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TCU 360

TCU 360

All TCU. All the time.

TCU 360

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Oh, When the Saints go marching in…

Saints can help people maintain relationships with their loved ones in the afterlife, said a professor from the Brite Divinity School.Carolyn Osiek, the professor of New Testament in the Brite Divinity School, discussed the “Communion of Saints,” and how it merges society into a single community, Wednesday night in Sadler Hall.

Following the dinner conversation, Interfaith Council watched an episode from the television series “Charmed,” and discussed issues in Paganism.

Osiek said the idea of Saints is important because death is not the end of a relationship with loved ones. People can still relate to them in God and use them as examples in how to live on Earth, she said.

James Russell, a freshmen humanities major and member of Interfaith Council, said learning about the saints helps people understand the Catholic faith and the religion’s history.

The Interfaith Council hosts three or four dinner conversations each year in which they educate students on different religious denominations. This year, they have hosted dinner conversations about the Hajj, the Islamic pilgrimage to Mecca and the Chinese New Year.

Brittney Smith, the program assistant for University Ministries, said the goal of the Interfaith Council is to increase awareness and support for unity in the university community. Smith said “Communion of Saints” would help create unity throughout the campus.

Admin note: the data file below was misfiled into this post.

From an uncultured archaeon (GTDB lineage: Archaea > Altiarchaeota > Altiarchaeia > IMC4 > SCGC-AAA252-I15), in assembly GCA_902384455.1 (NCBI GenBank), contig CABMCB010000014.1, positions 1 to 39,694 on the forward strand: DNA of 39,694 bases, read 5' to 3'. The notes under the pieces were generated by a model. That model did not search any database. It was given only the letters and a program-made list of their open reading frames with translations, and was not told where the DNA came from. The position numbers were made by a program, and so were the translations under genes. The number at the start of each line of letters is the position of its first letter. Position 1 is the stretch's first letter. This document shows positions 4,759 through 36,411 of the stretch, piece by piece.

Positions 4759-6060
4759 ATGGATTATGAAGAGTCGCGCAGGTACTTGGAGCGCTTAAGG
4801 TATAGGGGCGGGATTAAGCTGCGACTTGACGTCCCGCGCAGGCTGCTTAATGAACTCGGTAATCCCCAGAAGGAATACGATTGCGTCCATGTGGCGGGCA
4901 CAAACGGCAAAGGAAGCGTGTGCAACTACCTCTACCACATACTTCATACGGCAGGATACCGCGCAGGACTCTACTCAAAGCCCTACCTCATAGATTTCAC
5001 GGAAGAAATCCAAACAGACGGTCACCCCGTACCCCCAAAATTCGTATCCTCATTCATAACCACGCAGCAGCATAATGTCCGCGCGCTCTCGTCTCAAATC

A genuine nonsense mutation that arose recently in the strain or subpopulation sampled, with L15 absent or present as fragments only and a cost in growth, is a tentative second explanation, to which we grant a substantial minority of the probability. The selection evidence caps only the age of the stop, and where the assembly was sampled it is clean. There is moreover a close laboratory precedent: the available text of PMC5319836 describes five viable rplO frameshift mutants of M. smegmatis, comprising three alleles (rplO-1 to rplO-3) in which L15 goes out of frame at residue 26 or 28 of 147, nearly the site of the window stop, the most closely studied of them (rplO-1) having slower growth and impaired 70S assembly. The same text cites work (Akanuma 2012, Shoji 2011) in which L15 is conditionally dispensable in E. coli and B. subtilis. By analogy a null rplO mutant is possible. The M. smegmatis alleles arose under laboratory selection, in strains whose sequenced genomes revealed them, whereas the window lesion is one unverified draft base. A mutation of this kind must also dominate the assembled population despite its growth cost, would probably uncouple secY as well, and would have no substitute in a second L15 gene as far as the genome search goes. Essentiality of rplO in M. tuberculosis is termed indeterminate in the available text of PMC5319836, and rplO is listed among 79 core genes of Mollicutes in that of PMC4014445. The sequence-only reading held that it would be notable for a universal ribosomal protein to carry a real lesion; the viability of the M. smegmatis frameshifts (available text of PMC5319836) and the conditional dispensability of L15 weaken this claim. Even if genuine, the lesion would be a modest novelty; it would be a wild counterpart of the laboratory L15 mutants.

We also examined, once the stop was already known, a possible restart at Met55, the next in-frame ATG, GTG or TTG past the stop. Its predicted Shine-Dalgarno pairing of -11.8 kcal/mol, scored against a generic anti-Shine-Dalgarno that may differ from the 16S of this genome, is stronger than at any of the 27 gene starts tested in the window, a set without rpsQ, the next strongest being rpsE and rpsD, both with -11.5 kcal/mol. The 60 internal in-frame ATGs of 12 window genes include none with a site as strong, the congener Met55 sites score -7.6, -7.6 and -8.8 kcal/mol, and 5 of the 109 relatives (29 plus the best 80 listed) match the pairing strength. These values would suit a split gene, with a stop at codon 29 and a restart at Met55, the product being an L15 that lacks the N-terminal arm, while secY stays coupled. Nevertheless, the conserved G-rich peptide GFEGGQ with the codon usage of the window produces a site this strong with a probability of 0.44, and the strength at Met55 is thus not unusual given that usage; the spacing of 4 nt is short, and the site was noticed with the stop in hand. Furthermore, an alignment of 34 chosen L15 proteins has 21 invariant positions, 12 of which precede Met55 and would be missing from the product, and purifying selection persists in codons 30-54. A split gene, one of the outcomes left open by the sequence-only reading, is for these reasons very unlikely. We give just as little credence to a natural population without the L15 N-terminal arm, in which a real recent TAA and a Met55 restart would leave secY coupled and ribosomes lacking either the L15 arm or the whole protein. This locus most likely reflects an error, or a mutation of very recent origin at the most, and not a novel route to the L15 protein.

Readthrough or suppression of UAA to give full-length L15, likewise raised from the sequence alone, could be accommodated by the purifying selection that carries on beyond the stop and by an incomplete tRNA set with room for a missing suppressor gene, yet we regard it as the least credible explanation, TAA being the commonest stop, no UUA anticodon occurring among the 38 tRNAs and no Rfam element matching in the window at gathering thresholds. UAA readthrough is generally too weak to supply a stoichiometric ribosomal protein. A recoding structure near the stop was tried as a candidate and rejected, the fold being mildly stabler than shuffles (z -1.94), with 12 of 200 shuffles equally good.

“The purpose of the Interfaith Council is to promote campus-wide understanding and respect of diverse spiritual beliefs by means of communication, dialogue, education and advocacy,” Smith said.

Smith said the event is important because TCU’s Mission Statement is to “educate students to think and act as ethical leaders and responsible citizens in a global community,” and programs like Interfaith Council broaden student’s ideas of religious diversity. By learning more, students are better able to assimilate into our global community, she said.

“The saints are pivotal to Catholicism and, of course, religious history,” Russell said. “They are, after all, whom we as Catholic Christians see as the perfect models of living in the image of God and Christ”.

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